ASHA journals
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Personalizing interventions (Kasari et al., 2018)

Version 2 2019-10-16, 22:46
Version 1 2018-11-08, 22:12
posted on 2019-10-16, 22:46 authored by Connie Kasari, Alexandra Sturm, Wendy Shih
Purpose: This review article introduces research methods for personalization of intervention. Our goals are to review evidence-based practices for improving social communication impairment in children with autism spectrum disorder generally and then how these practices can be systematized in ways that personalize intervention, especially for children who respond slowly to an initial evidence-based practice.
Method: The narrative reflects on the current status of modular and targeted interventions on social communication outcomes in the field of autism research. Questions are introduced regarding personalization of interventions that can be addressed through research methods. These research methods include adaptive treatment designs and the Sequential Multiple Assignment Randomized Trial. Examples of empirical studies using research designs are presented to answer questions of personalization.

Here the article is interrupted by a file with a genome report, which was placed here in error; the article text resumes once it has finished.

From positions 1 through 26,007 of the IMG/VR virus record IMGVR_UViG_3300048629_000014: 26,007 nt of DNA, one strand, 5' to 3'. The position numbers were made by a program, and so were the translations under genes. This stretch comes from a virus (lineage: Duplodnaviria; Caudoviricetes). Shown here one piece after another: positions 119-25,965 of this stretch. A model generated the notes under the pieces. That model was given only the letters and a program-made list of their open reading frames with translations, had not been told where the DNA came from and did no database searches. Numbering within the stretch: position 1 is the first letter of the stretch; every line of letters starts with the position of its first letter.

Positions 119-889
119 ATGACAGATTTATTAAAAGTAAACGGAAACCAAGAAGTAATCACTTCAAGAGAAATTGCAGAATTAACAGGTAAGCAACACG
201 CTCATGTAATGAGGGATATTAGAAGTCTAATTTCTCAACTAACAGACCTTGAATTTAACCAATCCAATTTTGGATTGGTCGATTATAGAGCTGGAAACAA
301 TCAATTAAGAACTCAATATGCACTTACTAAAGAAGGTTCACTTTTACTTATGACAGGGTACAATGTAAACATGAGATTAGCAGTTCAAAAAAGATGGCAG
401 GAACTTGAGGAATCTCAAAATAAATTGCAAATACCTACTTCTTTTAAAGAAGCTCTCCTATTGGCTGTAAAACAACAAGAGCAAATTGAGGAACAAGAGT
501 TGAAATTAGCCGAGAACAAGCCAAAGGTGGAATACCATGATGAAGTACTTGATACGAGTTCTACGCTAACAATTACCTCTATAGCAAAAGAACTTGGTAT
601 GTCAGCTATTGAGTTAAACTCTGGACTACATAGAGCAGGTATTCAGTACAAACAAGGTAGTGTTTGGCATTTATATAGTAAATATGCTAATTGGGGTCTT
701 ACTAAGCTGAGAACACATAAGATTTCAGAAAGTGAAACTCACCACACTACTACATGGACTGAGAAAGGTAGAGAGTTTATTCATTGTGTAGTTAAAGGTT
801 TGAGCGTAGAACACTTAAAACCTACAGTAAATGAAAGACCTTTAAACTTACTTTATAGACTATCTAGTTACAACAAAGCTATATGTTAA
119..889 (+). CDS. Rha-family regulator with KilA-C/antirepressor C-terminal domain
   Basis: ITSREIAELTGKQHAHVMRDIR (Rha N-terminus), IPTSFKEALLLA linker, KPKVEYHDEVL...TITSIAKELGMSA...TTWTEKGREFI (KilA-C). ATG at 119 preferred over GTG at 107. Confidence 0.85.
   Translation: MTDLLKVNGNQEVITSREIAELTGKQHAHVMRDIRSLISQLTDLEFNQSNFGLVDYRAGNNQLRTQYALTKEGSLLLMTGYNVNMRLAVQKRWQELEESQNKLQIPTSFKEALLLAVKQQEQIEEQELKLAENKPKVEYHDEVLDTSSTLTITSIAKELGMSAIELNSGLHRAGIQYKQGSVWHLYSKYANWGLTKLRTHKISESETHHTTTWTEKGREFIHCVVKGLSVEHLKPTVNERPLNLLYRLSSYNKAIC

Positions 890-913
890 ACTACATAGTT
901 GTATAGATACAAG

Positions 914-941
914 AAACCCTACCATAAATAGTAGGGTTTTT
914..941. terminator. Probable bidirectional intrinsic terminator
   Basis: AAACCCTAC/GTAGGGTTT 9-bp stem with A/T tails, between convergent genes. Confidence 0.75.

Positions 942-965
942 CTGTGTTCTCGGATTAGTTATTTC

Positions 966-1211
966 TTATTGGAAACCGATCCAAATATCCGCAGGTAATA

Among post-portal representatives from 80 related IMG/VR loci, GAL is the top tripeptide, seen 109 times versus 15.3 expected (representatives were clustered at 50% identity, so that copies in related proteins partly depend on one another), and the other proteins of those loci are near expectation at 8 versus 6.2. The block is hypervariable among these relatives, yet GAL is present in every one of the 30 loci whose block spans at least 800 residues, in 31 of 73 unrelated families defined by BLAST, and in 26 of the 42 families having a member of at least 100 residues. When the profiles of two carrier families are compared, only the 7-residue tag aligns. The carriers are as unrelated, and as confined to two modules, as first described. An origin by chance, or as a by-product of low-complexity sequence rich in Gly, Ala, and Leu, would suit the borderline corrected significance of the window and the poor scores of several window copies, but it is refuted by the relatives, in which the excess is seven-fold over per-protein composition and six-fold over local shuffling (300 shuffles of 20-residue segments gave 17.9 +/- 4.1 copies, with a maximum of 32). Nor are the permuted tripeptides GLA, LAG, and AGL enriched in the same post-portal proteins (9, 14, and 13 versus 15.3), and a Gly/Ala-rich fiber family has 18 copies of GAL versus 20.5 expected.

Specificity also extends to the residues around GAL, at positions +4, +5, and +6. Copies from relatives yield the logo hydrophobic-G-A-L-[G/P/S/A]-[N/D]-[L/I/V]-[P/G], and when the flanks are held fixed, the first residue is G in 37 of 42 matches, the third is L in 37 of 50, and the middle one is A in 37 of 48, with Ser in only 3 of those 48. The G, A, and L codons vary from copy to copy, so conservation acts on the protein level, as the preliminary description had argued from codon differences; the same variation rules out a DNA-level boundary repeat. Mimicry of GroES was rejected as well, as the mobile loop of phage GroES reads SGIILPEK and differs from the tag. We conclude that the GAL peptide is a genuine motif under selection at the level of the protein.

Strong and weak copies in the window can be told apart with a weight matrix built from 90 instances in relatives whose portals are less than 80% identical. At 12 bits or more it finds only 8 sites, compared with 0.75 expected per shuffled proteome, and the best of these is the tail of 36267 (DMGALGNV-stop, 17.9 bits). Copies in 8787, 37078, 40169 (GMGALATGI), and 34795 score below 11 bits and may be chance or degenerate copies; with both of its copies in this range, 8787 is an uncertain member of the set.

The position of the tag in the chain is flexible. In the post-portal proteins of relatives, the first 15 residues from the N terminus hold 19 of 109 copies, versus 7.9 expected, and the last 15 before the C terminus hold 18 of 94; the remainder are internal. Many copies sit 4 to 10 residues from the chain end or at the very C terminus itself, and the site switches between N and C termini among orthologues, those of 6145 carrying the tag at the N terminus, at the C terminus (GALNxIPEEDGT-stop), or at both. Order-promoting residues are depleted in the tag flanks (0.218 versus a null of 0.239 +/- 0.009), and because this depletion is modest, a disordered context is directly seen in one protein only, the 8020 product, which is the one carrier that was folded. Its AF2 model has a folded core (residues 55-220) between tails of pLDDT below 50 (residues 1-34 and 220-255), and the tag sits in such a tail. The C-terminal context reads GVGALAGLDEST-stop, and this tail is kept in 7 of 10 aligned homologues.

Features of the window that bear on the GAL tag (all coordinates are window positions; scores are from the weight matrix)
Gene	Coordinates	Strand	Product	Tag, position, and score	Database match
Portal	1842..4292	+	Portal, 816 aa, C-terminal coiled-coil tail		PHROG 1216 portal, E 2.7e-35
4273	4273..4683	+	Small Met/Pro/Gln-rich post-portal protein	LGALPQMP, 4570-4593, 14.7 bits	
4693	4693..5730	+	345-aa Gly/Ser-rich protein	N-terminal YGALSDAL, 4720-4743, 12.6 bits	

Conclusion: Bridging the gap between research studies and clinical practice can be advanced by research that attempts to answer questions pertinent to the broad heterogeneity in children with autism spectrum disorder, their response to interventions, and the fact that a single intervention is not effective for all children.

Publisher Note: This article is part of the Research Forum: Advances in Autism Research: From Learning Mechanisms to Novel Interventions.

Kasari, C., Sturm, A., & Shih, W. (2018). SMARTer approach to personalizing intervention for children with autism spectrum disorder. Journal of Speech, Language, and Hearing Research, 61(11), 2629–2640.


This article stems from the 2017 Research Symposium at ASHA Convention, which was supported by the National Institute on Deafness and Other Communication Disorders Award Number R13DC003383. Research was also supported by Award R01HD073975, awarded to Connie Kasari (funded by the National Institute of Child Health and Human Development and National Institute on Deafness and Other Communication Disorders).